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  • How Modern Music and Lyrics Affect Our Children

    Dad and contributor Rob del Rosario shares his thoughts and tips on explicit content in lyrics and music videos, and how parents should provide proper monitoring and explanation to their children about these.
    by Rob Del Rosario .
  • kid headphonesAs of this writing, number three on the Billboard Pop Music chart is Grammy Award-winning artist Cee Lo Green’s extremely captivating “F*** You”, and I’m sure everyone knows what the asterisks stand for.  Radio versions replace the expletive with the word “forget”, but no matter how you sugarcoat the lyrics, the line “I had to borrow, beg and steal and lie and cheat” are still in a verse, along with a message that conveys that money is the only meaningful thing in one relationship.  Charting as well at number one is the controversial Lady Gaga with “Born This Way”, equally catchy but with a positive message to boot: “I’m beautiful in my way, because God makes no mistakes”.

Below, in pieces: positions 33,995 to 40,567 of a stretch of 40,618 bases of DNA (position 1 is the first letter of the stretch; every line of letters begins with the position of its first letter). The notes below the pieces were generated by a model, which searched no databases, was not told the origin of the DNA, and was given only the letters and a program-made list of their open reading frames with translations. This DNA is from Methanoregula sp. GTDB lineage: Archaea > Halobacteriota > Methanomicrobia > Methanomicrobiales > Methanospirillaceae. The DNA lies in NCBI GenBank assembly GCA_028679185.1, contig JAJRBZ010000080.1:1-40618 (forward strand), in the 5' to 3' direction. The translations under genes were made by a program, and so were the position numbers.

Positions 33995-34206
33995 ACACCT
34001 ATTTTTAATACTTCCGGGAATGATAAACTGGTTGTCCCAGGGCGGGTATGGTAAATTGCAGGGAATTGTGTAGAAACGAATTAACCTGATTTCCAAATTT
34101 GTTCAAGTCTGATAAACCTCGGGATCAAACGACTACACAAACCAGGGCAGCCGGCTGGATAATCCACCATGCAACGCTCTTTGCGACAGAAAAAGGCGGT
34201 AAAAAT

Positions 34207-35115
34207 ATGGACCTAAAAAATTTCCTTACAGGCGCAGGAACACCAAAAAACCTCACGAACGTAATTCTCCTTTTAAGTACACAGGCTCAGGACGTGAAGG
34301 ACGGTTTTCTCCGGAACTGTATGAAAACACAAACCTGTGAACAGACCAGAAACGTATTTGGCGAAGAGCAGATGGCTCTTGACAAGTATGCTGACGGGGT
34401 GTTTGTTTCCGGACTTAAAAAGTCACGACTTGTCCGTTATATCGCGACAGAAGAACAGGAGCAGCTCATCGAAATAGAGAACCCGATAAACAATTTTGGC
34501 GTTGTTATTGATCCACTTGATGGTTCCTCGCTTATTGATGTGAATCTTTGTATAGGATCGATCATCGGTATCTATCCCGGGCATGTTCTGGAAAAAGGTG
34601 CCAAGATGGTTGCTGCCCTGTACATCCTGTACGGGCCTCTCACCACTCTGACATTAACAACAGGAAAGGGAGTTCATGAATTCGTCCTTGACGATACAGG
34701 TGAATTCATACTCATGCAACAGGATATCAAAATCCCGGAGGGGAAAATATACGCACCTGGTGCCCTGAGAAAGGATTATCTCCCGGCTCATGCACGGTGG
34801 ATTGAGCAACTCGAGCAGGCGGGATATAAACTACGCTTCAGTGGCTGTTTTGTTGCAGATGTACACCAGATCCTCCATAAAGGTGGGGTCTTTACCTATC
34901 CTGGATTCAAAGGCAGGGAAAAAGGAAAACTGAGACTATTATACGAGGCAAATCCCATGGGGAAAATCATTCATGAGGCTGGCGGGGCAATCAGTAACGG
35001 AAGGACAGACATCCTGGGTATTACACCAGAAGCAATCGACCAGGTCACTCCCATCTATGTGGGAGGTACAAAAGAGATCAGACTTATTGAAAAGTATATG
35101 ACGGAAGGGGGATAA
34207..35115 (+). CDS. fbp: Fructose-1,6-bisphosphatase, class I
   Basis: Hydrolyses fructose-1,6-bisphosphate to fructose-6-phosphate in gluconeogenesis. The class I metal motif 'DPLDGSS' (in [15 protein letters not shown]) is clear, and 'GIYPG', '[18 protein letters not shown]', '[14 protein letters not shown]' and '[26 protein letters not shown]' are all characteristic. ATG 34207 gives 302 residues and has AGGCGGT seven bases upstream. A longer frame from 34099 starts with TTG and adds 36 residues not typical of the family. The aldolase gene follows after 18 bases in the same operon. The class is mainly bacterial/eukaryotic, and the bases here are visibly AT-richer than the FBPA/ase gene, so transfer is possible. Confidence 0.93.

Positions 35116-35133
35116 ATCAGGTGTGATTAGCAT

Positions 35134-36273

Young children aged three to six do not always understand what is being said, but we must make a conscious effort to screen out inappropriate words because the kids will catch up eventually.  Mind you, this is not limited to modern music only.

    The great opera classic “O Fortuna” is melodiously dark and may even terrify young audiences.  When translated from Medieval Latin Goliardic, it contains the haunting words “Fate strikes down the strong man, everyone weep with me”.  So pundits that declare all forms of modern music to be malevolent and wrong have the same cardinal ideas as those who pronounced rock and roll as “the devil’s music” back in the 50’s.  By this comparative, the idea that new music corrupts is debunked – well, almost.

    A study made by the U.S. Department of Education concluded that children involved in instrumental music performed better at mathematics by the 12th grade.  More interesting is the fact they later found that even non-instrumental genres contributed to intellectual growth.  This only proves that it’s not the genre but the message that we should be concerned about.  Some rap music, for example, presents misogynistic ideals such as objectifying women.  Psychologists would agree that without proper monitoring and explanation, music may encourage unbecoming behavior and disrespect toward young women, and make young minds think that this will make the opposite sex genuinely like them.  Again, not ALL rap music is filled with these messages, in the same way that not all classical music, as exemplified above, stimulates a child’s intellect.  Parents need to listen to the message and determine if this is appropriate for their kids.  Trivia:  Wolfgang Amadeus Mozart wrote a party ballad called “Lech Mich Im Arsch” or in English: “Lick My A**”.



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